Lap Dog Media Turns To Lap Dog Polls
The phone rings …
Good morning, lap dog media and polling. How may I help you?
Why good morning Mr. President and what can we do for you today?
Yes sir, we can certainly come up with some polling to support our ongoing meme that the race is over and you’re going to easily win.
Oh, don’t worry about that sir, we know you don’t understand numbers and simple math but that’s why you have us in your corner. You just leave everything to us and enjoy your day.
The worst kept secret in the United States is that the media is in the bag for Obama, and their incessant meme of late is the race is for all practical purposes over. However a good story is better with pictures or charts so lately the media has evolved from just being journalistic hacks into mathematical hacks as well.
Much has been written of late about party bias in both national and swing state polling so I won’t regurgitate it here but a quick lesson in simple math and how it affects polling results is in order.
An individual poll is a snapshot in time with little long-term value. Trends formed over a period of time using multiple polls has greater prognosticating value but I digress. Here we just want to look at how the media has used biased polling practices to create inaccurate pictures to support their partisan reporting.
In a perfect world a poll would use a cross-section of people that exactly represented the demographics of the area being polled, the US if national or an individual state, but that’s impossible. However most pollsters try to get the demographics as close as possible to reduce bias in any direction.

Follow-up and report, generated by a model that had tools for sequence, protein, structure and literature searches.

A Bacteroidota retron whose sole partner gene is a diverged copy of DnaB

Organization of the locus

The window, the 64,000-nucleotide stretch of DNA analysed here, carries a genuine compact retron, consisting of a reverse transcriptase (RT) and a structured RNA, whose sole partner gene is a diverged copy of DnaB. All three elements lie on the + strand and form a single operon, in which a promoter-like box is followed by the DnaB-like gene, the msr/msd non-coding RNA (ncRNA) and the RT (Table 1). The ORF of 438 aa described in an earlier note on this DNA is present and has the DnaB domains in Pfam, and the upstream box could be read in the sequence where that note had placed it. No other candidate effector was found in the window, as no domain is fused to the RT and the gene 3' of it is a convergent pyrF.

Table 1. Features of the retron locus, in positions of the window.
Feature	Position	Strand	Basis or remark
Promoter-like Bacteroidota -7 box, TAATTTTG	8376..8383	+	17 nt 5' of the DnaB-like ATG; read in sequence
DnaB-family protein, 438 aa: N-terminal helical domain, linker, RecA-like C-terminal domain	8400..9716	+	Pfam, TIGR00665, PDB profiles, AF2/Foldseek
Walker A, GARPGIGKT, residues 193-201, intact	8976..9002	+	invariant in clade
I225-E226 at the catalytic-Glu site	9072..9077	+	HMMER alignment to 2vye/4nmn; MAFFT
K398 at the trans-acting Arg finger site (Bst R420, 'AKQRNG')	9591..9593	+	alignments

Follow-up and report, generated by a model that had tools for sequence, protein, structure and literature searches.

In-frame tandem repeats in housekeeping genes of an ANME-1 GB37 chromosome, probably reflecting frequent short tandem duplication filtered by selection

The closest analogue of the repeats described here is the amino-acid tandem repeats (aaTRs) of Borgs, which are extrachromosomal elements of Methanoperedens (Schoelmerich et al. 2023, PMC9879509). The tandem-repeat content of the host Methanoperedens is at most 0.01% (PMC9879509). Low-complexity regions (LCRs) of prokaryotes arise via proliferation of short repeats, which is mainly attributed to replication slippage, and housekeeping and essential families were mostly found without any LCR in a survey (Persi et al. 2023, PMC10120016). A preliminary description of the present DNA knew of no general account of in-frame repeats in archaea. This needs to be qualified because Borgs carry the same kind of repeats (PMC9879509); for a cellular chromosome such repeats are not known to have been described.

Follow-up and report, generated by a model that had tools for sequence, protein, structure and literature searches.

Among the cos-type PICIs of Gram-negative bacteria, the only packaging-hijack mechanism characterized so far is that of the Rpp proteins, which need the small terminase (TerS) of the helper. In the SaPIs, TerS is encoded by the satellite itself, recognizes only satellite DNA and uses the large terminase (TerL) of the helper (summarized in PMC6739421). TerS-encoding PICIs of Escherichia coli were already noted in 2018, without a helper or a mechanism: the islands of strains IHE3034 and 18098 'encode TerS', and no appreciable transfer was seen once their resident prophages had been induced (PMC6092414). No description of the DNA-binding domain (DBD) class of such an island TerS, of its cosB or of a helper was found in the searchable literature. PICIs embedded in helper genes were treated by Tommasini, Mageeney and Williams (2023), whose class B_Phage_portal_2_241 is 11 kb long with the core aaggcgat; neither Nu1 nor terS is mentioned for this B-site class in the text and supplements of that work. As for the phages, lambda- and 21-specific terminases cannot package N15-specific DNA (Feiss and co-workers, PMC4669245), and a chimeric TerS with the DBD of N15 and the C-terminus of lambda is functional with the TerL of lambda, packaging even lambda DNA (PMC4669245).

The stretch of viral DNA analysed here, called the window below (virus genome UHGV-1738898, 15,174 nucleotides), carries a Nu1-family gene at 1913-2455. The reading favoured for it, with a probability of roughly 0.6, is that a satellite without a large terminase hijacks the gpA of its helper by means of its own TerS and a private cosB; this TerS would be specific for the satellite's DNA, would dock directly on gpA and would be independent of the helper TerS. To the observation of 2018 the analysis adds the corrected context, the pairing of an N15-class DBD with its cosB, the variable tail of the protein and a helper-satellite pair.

For the purpose of this article the demographic we are concerned with is political party affiliation because it can potentially skew poll results more than any other demographic group. Certainly it’s easy to understand the more Democrats you ask who they’re voting for the more Obama answers you’ll get, and vice-versa. Now that doesn’t mean that every Democrat will vote for Obama any more than every Republican will vote for Romney, but you get the general idea.
The following chart represents the party affiliations from the 2004 and 2008 general elections, the 2010 mid-term elections, at the end of 2011 and the most recent available percentages for 2012. See the author’s notes below for the source of the data.
Before we go on let’s address a few things that are important. First, you can forget the 2004 and 2008 numbers because the 2012 race has little correlation to either of those years, despite punditry that would say otherwise, and you can dismiss 2010 because it was not a general election year. Second, the motivation of the voters within each individual party is an important number since a more motivated group of voters are more likely to actually go vote on Election Day.
For our purposes, we do not have to factor in motivation since both parties have a level of voter support that is reasonably close. That leaves us looking at the party affiliations at the end of 2011 and the current 2012 numbers which average 32% for the Democrats, 30% for the Republicans and 38% for Independents and Others. In theory then these are the percentages that any fair-minded and unbiased poll would seek to use as a sampling by party affiliation.
Let’s start with a few recent national polls presented by some media outlets and look at their results, party affiliation percentages and deltas against the real averages:
FOX News on 9/26 had Obama +5 with 41% Democrats (+9) and 38% Republicans (+8)
NBC News on 9/16 had Obama +5 with 32% Democrats (+0) and 25% Republicans (-5)
CBS News on 9/12 had Obama +3 with 35% Democrats (+3) and 22% Republicans (-8)
ABC News on 9/09 had Obama +1 with 32% Democrats (+0) and 26% Republicans (-4)
Therefore the party bias in favor of Obama for these polls respectively is 1%, 5%, 11% and 4%.